Marigold ‘French Flame’

Given that every month since May has had either record warmth, or almost record warmth, aphids, which are normally mostly killed off in winter, thrived continuously this year and with spring now in full step, their numbers are huge.

In addition to hosing them off with a jet of water to let the lizards and other insects eat them while they are defenceless on the ground, I’ve been trying to counter the invasion by planting things that are attractive to ladybeetles. And what better plant than the traditional Marigold to do the job.


This one is Marigold ‘French Flame’ and is in the food garden.

But my gosh what colours!

They look like they’ve been applied as artists brush-strokes….just amazing!

Happy Gardening 🙂


6 thoughts on “Marigold ‘French Flame’

  1. I’ve made a note to plant more of this kind, the smaller, colorful marigolds. This year I got some of the ones with big, solid yellow flowers and the plants just got too huge and crowded out some vegetables. I plant them at the ends of each bed.


    • This is the first time I’ve tried this variety, and I’m quite impressed: the snails finished off about half of the seedlings, so the ones that made it through have a lot riding on their shoulders.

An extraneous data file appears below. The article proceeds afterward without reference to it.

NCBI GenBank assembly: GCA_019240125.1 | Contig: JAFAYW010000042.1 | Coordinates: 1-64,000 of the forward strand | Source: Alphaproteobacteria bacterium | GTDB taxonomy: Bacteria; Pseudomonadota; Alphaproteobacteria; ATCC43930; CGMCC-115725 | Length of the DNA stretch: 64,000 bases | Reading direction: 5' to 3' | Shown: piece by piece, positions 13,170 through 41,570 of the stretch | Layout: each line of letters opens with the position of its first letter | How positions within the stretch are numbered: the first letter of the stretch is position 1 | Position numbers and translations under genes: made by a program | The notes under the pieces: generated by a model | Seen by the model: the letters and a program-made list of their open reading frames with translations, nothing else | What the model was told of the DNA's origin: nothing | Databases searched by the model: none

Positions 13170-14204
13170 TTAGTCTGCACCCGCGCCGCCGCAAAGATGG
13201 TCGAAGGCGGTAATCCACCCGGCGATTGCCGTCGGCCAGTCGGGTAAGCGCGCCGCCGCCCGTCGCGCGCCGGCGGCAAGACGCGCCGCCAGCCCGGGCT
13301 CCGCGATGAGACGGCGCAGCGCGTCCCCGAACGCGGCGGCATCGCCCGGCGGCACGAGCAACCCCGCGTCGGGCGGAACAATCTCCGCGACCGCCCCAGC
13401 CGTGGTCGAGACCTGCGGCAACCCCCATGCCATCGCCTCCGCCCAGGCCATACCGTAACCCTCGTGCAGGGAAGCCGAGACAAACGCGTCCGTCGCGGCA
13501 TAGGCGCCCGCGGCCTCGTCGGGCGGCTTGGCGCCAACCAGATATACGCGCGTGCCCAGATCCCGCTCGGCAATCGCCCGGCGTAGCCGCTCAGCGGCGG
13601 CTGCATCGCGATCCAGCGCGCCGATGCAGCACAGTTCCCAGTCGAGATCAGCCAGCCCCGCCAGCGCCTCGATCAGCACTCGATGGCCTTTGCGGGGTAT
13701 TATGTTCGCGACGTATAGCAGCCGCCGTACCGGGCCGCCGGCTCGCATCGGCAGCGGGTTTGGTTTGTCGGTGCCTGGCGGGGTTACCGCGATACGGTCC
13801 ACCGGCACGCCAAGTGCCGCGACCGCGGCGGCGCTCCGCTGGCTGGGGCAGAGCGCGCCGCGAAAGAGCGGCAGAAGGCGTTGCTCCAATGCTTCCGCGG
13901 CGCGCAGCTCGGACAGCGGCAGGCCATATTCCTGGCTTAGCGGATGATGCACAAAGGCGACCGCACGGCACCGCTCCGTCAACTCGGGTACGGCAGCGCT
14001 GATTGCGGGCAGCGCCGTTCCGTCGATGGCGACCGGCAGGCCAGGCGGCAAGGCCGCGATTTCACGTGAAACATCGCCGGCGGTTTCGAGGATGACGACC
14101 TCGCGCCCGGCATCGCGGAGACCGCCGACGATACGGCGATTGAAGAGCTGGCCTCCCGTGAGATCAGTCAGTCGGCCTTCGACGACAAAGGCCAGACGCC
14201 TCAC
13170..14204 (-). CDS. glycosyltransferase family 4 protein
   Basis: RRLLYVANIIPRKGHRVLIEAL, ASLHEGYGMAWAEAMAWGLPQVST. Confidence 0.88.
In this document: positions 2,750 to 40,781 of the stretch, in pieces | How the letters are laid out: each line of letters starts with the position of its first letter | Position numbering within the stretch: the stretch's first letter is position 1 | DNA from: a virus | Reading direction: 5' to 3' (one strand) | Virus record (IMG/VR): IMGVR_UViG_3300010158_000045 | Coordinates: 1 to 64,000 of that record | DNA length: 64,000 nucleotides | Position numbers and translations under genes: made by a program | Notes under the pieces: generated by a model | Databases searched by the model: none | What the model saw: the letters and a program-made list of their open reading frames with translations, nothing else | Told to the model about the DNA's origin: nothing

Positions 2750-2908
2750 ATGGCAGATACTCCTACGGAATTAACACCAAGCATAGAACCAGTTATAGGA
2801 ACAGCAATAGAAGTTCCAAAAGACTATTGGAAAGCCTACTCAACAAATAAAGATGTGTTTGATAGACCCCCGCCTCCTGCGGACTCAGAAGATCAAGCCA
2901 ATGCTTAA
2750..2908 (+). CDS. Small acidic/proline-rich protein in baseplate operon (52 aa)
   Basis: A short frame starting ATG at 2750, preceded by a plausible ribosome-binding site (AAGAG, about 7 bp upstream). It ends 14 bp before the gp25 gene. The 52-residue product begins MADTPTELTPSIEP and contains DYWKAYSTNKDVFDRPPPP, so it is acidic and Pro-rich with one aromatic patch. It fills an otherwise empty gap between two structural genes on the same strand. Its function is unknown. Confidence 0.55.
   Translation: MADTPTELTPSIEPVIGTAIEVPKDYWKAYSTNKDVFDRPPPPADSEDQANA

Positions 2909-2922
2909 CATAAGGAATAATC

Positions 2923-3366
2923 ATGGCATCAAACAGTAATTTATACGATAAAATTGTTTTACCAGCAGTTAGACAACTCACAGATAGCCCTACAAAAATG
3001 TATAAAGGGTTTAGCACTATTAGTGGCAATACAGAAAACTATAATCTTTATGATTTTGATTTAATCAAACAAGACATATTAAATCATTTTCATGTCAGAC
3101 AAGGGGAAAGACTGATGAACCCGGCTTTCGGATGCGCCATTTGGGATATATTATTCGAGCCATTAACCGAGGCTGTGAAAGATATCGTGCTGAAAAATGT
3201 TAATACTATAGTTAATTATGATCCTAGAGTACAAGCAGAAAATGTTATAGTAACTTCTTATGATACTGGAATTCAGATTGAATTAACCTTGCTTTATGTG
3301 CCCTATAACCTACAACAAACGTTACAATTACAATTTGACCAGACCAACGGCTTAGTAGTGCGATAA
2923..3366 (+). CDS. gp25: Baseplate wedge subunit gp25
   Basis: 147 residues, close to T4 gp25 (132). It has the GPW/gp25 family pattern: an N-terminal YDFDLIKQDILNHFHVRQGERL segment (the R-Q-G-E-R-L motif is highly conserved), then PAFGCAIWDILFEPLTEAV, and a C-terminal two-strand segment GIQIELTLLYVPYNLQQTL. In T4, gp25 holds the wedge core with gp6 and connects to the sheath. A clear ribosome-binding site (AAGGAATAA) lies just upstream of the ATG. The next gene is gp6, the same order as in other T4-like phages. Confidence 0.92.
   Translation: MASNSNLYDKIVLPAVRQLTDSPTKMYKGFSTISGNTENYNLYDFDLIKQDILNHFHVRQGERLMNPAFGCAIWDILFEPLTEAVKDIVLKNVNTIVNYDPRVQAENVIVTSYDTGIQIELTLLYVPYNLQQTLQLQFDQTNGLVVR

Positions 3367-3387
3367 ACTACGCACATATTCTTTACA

I like the idea of planting at the edge of the bed, I mostly just dotted these through the cropping areas, but yours makes far more sense 🙂


  2. The tropical milkweed (butterfly weed) that I grow is a aphid magnet. According to old gardening lore, the milkweed are planted to attract aphids to keep them off other plants. Believe it or not, it seems to work. Our poor milkweed is planted for aphids to live on, butterflies to feed and caterpillars to eat!


    • Sadly, tropical milkweed doesn’t grow in my part of Australia, but I have seen it used as a great plant for attracting aphids. Where it is naturalised (in Australia, it’s mostly the sub-tropics), it does provide some protection for roses and other aphid-susceptible food crops. I’ve been looking around for something that can be grown to be a sacrifice to pests, but most of the suitable plants are banned weeds, so I’ll have to keep researching 🙂


  3. I plant marigolds especially with tomatoes. But also mix in with garlic, nasturtiums, onions . I try planting as many different plants together rather than in separate dedicated beds. But marigolds certainly brighten up the patch.


    • Definitely! My ‘food bed’ is an eclectic mix of tomatoes, chives, parsley, basil, blueberries, apples, lemons, leeks, mint, thyme, oregano, strawberries, raspberries, lettuce (some flowers in a hope to distract the snails from the food), and now marigolds. So a bit of everything!
      It’s all thrown in together with the only consideration being the shady end of the bed gets the mint and the lemon is under an overhanging polycarbonate roof to protect against the ice and snow


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